The electrons of a perfect metallic surface move like free waves in a plane. Nevertheless, if atomic barriers are inserted, this may restrict their movement in one dimension, forming stationary waves such as those on the water surface in a bucket.
The stationary or free behaviour of electron waves is, nevertheless, still something very intriguing, given that the barriers of atoms are very close to each other, there is no confinement, and that the electron recovers its free movement, exactly as was discovered some years ago by the Nanophysics Laboratory research team led by Enrique Ortega at the Donostia-San Sebastian campus of the University of the Basque Country.
The Physical Review Letters has just published the results of new research this team has been undertaking since 1999 on the wave properties of electrons: the critical size of the step is 2 nanometres, i.e., if the distance of the barriers is superior to 2 nanometres, the electrons form stationary waves; if it is inferior, the waves are free.
More specifically, Enrique Ortega has formed a new nanostructure, i.e. a typical nanometre-sized structure (a nanometre being a thousand millionth or a billionth of a metre) by depositing small quantities of silver on a copper surface. The system arranges itself by forming a network of nanostrips of silver and copper. The copper strips show atomic steps with a step width that depends on the amount of silver deposited. On varying the width, one can observe in detail the transformation of the stationary waves confined between the steps of atomic height in waves of electrons that move freely.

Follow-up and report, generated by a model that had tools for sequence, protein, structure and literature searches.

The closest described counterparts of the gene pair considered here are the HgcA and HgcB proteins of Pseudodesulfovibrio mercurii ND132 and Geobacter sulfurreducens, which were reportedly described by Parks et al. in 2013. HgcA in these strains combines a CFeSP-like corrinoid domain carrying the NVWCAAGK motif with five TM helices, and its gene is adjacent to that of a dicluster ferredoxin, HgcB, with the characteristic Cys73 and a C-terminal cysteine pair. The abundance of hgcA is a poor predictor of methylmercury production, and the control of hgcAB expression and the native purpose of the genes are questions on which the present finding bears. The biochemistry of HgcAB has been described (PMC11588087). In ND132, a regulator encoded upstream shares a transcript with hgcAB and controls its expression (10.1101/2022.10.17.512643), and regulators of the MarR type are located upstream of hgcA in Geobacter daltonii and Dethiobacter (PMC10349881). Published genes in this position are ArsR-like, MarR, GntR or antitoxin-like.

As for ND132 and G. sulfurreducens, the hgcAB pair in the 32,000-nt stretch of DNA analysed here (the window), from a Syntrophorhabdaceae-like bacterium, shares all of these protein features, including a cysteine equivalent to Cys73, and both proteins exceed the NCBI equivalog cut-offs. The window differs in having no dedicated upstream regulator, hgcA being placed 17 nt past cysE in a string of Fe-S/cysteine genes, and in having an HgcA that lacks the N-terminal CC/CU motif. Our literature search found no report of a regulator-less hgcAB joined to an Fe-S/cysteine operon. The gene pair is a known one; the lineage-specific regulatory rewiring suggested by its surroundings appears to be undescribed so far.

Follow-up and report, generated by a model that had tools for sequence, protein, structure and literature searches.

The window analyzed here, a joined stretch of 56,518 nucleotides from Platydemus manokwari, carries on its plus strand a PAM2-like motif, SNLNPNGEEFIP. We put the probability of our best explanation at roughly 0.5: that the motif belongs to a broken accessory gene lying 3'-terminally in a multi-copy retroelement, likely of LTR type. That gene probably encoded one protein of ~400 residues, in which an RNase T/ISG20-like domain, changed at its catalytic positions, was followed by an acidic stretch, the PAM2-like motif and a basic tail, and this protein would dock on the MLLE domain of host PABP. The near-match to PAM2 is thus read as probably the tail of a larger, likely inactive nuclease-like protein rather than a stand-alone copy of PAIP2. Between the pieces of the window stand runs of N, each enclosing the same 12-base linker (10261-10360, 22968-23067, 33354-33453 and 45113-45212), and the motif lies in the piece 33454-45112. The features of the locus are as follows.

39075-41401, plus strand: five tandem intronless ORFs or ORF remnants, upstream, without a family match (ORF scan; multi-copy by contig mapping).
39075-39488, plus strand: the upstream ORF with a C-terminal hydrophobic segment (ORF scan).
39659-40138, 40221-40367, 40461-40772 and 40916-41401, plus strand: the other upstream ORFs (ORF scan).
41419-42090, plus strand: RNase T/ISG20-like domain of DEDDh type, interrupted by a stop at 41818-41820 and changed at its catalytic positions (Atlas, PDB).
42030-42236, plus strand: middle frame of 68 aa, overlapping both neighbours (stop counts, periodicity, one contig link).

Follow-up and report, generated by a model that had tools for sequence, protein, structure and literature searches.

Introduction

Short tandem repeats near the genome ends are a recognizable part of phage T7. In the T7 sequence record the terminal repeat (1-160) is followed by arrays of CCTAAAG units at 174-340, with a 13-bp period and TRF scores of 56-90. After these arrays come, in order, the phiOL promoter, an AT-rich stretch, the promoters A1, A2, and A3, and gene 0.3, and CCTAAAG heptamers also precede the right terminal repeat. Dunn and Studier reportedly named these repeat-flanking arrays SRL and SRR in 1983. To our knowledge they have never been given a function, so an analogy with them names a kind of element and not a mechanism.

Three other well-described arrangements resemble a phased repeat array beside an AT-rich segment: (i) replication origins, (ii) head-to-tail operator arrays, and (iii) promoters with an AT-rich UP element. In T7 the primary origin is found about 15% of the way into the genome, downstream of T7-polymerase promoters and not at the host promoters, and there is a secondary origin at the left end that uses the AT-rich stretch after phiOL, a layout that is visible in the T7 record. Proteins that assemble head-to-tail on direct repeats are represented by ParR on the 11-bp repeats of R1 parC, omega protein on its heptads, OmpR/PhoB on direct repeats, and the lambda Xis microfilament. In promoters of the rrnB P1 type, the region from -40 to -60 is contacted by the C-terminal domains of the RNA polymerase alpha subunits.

In this way the critical size of the step of 2 nanometres has been discovered: less than this width free waves exist and widths greater than this critical figure are confined. “The detailed study of this transition will be fundamental in the future when establishing the wave properties of electrons in metallic nanostructures", stated Enrique Ortega.
According to Doctor Ortega, the most difficult part of the investigation was constructing the system by which the measurement was to be carried out. These kinds of trials have to be undertaken in ultra high vacuum systems, where not even the smallest particle can be present, as the least amount of contamination will destroy the system. They are also systems difficult to extract information from. Moreover, it is necessary to create a structure limited to a width of 4 or 5 atoms, controlling all the parameters at the same time, demanding a complex prior process.
This is the sixth time that Dr Ortega, leader of the only experimental physics group working on nanostructures in Euskadi, has published an article in Physical Review Lettersz. Regarding the applications for the discovery, the researcher points out that “although, in the field of nanoscience, one always has to go through a number of phases, we cannot discard its utility, certainly in the field of what will be the electronics of the future - nanoelectronics”.
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